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The Last Dance

// September 7th, 2010 // No Comments » // Blog, News

Well.

Five cities, 20 performances.

Not too shabby, everyone.

In the interest of accurately depicting the tour to the end, I’ll describe the last few days and then take a moment to reflect.

After the picnic and family time on Saturday, we had our best show to that date (I’ll let the experts debate how the last show figured in). Maybe the audience full of friends and family helped, but as a cast we were as “on” as we have ever been, and they had to kick our admiring audience outside after the show so that the next show could begin. We also managed to show some love to Jenny, our incredible stage manager and house mother, because Saturday was her last show. We called her down for applause, coffee cake, and a card as soon as the lights went down.

No rest for the wicked, though–Saturday night we moved Alex into his third-floor, no-elevator apartment. Childhood memorabilia and all.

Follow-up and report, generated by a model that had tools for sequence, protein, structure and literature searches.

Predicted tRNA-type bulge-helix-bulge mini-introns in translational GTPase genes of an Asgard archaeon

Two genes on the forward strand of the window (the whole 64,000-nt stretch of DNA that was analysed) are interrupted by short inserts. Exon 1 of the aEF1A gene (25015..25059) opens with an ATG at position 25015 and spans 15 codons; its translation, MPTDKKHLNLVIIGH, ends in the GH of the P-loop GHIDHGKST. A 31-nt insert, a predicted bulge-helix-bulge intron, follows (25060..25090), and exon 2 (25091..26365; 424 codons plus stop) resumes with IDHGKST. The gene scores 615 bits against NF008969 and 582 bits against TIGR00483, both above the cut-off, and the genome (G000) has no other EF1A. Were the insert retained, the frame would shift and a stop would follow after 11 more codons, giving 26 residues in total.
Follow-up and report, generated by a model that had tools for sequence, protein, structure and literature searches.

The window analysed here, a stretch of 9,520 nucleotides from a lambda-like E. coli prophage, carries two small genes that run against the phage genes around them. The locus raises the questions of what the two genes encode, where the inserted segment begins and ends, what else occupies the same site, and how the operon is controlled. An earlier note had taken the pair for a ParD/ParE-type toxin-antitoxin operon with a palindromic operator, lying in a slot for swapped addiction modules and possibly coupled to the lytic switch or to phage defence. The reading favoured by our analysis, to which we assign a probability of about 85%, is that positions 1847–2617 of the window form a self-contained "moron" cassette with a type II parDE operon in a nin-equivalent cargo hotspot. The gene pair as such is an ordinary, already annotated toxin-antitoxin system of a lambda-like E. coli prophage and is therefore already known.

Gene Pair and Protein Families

Sunday gave us an opportunity for lots of downtime, but we all made it to the theatre on time for our final load-in. There was plenty of disbelief and even more hugging before the show, and that particular closing-night energy during the performance, where somehow everything looks fresh again, every line hits you in the chest, and each little change (especially the last-night re-additions of characters like Desmond, the cursing out of John Cusack, and the ripping of shadow puppets like the “End of the World” sign) is significant. Maybe it’s just me, but that was my favorite performance of the run, and the one that affected me the most. You would think that a one-hour show would get tiresome after 20 performances, but personally, I was enjoying all of the new moments the cast was finding even after so much time with the material.

Load-out took forever, between people trying to identify their belongings, fending off rabid fans, and the general exhaustion and relief of the cast. We still blew off steam, though–for example, Max and Alec played T-ball with the large street lamp puppet as the tee and also the ball. There was some joyous destruction of cardboard puppets that by all rights should have disintegrated long ago. Soon there were designer cupcakes and more of our distinctive group hugs, and maybe a little bit of crying. By this point we’re legitimately like a family, so what did you expect?